The Adventures of Huckleberry Finn belongs to the genre of Bildungsroman; that is, the novel presents a coming-of-age story in which the protagonist, Huck, matures as he broadens his horizons with new experiences. Huck begins the novel as an immature boy who enjoys goofing around with his boyhood friend, Tom Sawyer, and playing tricks on others. He has a good heart but a conscience deformed by the society in which he was raised, such that he reprimands himself again and again for not turning Jim in for running away, as though turning Jim in and prolonging his separation from his family were the right thing to do.

As the novel develops, however, so do Huck’s notions of right and wrong. He learns that rigid codes of conduct, like Christianity, or like that which motivates the Grangerson and Shepherdson’s blood feud, don’t necessarily lead to good results. He also recognizes that absolute selfishness, like that exhibited by Tom Sawyer to a small extent, and that exhibited by Tom’s much worse prankster-counterparts, the duke and the king, is both juvenile and shameful. Huck learns that he must follow the moral intuitions of his heart, which requires that he be flexible in responding to moral dilemmas. And, indeed, it is by following his heart that Huck makes the right decision to help Jim escape from bondage.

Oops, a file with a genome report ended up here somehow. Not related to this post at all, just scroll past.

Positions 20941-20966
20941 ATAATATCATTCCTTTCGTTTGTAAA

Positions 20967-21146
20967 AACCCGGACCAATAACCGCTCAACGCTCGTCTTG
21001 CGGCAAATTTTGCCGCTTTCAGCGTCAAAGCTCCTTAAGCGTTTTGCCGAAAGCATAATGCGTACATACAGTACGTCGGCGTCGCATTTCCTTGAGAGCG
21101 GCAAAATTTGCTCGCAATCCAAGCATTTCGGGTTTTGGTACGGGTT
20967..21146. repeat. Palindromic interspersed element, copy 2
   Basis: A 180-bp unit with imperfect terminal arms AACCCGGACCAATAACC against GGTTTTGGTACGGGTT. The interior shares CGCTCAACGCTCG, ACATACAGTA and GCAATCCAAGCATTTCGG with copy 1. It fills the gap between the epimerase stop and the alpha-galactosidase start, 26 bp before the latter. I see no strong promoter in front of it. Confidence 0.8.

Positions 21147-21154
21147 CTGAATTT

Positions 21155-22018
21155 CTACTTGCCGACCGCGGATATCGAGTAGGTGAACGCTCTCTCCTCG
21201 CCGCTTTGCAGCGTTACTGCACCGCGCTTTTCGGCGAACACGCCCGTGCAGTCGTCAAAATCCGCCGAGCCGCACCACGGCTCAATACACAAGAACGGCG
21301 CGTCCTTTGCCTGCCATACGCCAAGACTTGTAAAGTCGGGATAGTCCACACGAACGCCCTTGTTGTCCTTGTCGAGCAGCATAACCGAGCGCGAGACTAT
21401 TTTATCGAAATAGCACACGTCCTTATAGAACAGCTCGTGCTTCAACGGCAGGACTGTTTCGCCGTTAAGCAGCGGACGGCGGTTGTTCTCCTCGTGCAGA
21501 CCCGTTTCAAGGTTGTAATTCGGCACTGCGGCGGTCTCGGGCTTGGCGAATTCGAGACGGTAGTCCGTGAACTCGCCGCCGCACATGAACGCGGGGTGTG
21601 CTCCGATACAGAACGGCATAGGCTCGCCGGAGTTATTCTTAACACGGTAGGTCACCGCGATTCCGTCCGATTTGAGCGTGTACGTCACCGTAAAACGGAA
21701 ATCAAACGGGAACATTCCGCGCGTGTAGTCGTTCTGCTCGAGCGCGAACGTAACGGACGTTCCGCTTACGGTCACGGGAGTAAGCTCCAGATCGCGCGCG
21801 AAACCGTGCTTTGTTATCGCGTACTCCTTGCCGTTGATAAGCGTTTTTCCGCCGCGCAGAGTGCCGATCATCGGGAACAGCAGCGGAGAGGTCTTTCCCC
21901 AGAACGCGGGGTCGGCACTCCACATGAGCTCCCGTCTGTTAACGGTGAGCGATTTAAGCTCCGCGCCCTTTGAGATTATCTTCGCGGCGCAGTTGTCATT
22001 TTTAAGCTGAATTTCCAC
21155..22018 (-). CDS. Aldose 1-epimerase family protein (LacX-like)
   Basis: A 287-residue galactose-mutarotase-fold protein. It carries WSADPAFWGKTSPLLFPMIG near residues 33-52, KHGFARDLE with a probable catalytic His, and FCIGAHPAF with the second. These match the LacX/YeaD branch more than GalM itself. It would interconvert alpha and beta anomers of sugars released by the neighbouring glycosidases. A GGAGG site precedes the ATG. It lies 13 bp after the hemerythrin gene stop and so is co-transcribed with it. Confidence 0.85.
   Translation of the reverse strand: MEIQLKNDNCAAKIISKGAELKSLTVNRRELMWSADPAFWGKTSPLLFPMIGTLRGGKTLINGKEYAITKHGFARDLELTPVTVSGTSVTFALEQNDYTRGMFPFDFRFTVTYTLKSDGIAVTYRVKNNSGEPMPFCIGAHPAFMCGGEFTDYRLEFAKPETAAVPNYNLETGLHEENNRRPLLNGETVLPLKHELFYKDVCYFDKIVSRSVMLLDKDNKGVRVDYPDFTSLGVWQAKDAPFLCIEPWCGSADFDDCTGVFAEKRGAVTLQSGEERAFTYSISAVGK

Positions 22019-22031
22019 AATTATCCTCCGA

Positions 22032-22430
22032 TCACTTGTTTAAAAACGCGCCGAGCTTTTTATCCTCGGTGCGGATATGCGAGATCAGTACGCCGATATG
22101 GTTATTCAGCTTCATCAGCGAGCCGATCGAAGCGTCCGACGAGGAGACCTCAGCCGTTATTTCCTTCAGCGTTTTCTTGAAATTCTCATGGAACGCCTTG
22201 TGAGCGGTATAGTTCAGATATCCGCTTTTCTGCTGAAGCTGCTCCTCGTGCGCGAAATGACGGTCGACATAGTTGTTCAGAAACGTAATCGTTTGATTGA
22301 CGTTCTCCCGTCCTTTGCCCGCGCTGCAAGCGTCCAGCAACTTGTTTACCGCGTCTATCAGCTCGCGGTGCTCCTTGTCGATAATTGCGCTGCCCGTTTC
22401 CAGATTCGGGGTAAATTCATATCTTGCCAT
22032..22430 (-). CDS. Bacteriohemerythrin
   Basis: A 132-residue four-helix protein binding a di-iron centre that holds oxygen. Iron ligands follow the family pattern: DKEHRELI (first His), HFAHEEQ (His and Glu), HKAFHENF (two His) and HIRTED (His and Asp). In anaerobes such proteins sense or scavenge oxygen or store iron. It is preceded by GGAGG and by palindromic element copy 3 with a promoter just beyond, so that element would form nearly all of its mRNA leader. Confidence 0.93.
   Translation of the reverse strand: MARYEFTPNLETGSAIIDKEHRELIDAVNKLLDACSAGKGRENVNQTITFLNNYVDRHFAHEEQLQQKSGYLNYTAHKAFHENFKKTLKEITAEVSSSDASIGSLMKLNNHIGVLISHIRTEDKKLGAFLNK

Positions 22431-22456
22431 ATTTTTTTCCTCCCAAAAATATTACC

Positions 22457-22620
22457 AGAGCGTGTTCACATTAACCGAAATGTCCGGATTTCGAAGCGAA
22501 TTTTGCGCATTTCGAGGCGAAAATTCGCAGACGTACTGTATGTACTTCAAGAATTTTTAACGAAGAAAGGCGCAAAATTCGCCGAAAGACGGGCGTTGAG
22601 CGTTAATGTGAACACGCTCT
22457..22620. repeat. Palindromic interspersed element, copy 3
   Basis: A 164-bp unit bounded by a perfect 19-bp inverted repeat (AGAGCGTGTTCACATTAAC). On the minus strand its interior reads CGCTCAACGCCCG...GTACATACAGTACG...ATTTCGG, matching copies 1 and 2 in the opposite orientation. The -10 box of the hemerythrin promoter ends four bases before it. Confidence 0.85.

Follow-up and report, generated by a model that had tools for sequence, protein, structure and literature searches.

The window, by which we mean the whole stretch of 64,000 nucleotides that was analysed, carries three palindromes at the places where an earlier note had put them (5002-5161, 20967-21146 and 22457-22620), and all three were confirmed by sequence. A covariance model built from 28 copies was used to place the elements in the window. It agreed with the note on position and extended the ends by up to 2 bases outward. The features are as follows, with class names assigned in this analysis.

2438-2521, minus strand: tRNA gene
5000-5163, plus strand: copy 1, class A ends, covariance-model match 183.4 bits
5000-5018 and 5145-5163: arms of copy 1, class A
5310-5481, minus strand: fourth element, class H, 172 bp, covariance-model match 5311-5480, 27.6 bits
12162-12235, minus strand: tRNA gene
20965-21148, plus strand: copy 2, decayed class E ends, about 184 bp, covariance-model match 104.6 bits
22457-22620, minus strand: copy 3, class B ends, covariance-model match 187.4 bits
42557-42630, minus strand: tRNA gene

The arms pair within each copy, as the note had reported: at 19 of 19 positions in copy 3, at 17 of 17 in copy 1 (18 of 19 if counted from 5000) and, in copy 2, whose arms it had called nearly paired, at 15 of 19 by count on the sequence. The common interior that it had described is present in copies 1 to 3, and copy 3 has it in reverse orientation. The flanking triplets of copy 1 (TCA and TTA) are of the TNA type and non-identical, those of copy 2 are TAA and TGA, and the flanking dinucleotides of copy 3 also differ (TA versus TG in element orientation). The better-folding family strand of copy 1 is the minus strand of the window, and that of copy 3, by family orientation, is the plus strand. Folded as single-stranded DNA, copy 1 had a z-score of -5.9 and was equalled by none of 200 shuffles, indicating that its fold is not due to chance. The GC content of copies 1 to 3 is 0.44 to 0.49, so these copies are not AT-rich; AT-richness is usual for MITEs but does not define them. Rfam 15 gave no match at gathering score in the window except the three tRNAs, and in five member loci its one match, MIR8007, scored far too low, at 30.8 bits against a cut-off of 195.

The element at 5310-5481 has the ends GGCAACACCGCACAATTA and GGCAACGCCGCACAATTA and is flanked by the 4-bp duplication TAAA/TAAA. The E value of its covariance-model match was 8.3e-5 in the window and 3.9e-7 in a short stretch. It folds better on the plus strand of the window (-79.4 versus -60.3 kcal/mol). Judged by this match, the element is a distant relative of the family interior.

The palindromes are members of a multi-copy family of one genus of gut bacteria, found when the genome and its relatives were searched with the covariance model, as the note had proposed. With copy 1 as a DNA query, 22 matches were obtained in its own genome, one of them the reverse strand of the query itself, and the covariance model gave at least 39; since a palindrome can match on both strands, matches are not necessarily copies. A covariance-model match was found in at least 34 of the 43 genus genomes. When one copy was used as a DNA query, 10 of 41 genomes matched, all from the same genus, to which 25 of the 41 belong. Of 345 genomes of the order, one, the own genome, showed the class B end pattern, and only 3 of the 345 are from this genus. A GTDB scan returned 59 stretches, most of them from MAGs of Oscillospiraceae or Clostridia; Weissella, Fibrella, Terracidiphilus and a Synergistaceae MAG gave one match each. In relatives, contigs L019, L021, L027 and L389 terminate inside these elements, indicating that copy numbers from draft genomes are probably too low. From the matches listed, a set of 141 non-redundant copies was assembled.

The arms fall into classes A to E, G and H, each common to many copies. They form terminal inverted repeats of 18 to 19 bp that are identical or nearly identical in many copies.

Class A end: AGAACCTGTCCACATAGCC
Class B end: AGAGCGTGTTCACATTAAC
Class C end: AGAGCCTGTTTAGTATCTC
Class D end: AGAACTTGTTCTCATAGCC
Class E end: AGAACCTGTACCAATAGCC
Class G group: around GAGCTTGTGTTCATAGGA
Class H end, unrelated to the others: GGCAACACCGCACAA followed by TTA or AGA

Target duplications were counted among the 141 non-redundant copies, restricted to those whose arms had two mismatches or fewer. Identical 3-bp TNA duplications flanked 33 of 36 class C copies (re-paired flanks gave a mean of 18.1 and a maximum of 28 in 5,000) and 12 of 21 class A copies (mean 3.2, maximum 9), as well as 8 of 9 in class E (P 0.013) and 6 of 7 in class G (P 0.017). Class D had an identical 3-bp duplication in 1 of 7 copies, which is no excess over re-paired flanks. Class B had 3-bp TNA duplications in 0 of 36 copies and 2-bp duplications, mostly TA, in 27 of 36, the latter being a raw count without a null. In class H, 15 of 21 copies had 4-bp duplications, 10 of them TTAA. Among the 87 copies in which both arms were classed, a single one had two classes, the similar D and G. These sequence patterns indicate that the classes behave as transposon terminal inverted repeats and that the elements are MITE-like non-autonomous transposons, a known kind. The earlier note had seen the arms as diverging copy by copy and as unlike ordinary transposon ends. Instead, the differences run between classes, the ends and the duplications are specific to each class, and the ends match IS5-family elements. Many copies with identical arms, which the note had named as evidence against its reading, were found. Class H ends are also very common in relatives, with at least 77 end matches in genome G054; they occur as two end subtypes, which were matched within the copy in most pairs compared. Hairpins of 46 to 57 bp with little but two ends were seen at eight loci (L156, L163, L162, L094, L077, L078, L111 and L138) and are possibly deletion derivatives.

This mature moral decision is contrasted with the immature way in which Tom goes about acting on that decision at the Phelps farm. Instead of simply helping Jim, Tom devises a childishly elaborate scheme to free Jim, which results in Tom getting shot in the leg and Jim being recaptured. By the end of The Adventures of Huckleberry Finn, Huck is morally mature and realistic, whereas Tom still has a lot of growing up to do.